Test examples:

getFreeVariables[expr1]
ReduceFreeVariables[expr1]
(*
{a, m, n, rho, u, v}
{a, m, n, rho, u, v}
*)

getFreeVariables[expr2]
ReduceFreeVariables[expr2]
(*
{f[d[rho]^3, d[s[rho, m, n]]^3], x[0, a^2, u, v, m],
x[1, a^2, u, v, m]}
{f[d[rho]^3, d[s[rho, m, n]]^3], x[0, a^2, u, v, m],
x[1, a^2, u, v, m]}
*)

exprtmp = f@Sin[x] - 3 Cos[y + 2] + g[z] + h[w, y];
getFreeVariables[exprtmp]
ReduceFreeVariables[exprtmp]
(*
{w, y, f[Sin[x]], g[z]}
{w, y, f[Sin[x]], g[z]}
*)


Adding True or False breaks it, but adding some other system symbols does not. I'm not sure why the boolean constants are special cases, and other special cases might exist. One just has to add such special cases to getFreeVariables to fix it. It would be genuinely interesting if both gave a result and the results were different.

exprtmp2 = exprtmp + True;
getFreeVariables[exprtmp2]
ReduceFreeVariables[exprtmp2]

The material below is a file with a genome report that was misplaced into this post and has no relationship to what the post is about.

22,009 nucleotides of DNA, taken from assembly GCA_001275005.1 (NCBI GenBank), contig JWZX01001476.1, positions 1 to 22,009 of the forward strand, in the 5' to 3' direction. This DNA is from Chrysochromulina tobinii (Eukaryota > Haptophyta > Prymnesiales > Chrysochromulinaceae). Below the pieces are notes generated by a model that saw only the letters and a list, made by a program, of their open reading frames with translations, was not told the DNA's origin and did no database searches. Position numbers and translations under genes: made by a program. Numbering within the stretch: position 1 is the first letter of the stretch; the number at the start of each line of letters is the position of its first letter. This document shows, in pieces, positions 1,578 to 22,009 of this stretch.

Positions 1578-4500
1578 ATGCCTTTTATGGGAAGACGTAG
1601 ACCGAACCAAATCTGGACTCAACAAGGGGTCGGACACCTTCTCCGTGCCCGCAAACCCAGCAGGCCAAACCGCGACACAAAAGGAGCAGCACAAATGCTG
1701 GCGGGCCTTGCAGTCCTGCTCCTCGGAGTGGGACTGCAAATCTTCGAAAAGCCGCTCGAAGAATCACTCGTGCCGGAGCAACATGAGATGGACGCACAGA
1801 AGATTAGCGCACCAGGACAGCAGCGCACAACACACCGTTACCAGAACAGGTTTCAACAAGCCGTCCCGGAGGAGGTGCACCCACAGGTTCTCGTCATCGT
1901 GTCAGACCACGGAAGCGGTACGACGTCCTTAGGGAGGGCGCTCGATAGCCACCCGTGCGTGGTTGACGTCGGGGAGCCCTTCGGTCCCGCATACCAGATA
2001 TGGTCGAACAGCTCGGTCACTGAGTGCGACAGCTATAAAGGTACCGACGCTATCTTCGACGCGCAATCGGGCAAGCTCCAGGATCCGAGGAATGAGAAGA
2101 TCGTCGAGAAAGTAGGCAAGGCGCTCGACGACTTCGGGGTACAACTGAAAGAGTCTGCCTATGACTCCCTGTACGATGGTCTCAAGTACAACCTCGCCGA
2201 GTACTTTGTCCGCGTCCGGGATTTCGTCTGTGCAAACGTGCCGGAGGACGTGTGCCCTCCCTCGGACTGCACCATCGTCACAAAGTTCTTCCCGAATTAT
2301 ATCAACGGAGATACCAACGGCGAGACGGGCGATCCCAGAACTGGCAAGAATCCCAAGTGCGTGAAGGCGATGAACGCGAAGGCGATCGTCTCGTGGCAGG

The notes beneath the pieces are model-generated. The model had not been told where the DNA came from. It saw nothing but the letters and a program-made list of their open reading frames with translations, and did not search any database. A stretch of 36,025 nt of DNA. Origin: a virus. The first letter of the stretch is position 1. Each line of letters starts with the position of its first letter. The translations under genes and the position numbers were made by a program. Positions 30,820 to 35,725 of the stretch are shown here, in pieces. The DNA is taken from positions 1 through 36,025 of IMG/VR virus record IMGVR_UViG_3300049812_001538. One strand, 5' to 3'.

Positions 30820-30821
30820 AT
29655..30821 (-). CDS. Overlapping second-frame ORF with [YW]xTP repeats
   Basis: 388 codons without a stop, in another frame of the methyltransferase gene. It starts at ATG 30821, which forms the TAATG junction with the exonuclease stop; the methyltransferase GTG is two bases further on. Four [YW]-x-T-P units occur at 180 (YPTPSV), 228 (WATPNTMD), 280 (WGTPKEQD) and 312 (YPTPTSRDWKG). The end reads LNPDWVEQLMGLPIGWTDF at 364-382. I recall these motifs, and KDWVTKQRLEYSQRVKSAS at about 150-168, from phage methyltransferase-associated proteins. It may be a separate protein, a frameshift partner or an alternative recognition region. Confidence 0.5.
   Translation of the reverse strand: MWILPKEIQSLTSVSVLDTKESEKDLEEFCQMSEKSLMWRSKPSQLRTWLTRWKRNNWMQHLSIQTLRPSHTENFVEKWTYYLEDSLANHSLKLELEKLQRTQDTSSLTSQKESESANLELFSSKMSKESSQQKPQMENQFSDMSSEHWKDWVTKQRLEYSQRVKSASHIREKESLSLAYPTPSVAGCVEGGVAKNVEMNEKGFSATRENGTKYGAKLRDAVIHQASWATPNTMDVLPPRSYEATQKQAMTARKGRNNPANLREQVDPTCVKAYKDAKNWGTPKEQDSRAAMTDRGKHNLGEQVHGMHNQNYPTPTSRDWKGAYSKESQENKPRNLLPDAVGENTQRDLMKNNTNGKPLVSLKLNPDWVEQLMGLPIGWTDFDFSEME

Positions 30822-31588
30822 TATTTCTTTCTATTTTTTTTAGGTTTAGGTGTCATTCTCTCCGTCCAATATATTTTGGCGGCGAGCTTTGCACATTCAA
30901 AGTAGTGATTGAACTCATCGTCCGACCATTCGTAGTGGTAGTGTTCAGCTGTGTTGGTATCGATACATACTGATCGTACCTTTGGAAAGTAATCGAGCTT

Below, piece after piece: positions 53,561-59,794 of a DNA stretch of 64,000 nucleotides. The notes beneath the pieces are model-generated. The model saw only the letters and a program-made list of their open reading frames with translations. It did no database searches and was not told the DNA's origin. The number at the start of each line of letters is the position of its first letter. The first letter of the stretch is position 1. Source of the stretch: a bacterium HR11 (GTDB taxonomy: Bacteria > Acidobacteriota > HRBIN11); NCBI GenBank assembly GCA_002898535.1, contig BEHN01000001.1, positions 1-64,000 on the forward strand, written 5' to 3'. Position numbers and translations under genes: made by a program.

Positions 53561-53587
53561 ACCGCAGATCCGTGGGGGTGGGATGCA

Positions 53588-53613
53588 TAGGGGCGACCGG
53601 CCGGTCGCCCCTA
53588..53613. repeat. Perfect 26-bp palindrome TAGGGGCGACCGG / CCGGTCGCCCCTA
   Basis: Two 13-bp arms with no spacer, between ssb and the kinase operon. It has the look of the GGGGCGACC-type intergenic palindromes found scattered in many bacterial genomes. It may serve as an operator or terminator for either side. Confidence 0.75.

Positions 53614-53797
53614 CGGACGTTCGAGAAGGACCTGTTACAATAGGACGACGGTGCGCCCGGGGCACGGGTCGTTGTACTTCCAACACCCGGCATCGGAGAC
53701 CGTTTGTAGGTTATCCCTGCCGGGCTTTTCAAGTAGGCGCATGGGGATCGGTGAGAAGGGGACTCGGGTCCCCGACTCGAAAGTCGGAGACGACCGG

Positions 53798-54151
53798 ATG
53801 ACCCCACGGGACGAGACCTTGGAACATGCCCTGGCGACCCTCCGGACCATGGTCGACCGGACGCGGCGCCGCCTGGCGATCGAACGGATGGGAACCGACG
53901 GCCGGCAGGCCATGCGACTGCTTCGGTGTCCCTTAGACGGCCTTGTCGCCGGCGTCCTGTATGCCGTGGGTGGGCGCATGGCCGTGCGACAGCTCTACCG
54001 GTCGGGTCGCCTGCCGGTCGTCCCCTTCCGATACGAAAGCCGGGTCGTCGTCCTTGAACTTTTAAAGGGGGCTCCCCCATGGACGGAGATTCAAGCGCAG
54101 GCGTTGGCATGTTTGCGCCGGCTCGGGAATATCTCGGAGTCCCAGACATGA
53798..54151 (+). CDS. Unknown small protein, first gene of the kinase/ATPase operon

(*
{True, w, y, f[Sin[x]], g[z]}
ReduceFreeVariables[True - 3 Cos[2 + y] + f[Sin[x]] + g[z] + h[w, y]]
*)

exprtmp2 = exprtmp + Cos;
getFreeVariables[exprtmp2]
ReduceFreeVariables[exprtmp2]
(*
{Cos, w, y, f[Sin[x]], g[z]}
{Cos, w, y, f[Sin[x]], g[z]}
*)

exprtmp2 = exprtmp + And;
getFreeVariables[exprtmp2]
ReduceFreeVariables[exprtmp2]
(*
{And, w, y, f[Sin[x]], g[z]}
{And, w, y, f[Sin[x]], g[z]}
*)


Update:

@rogerl in this answer revealed an optional second argument to ReduceFreeVariables.

Example:

ReduceFreeVariables[x^y < 4]
ReduceFreeVariables[x^y < 4, "Algebraic"]
ReduceFreeVariables[{x^y < 4, x}, "Algebraic"]
(*
{x, y}
{x^y}
{x, y}
*)


It seems that when "Algebraic"` is specified, transcendental functions are not reduced unless they depend on another free variable.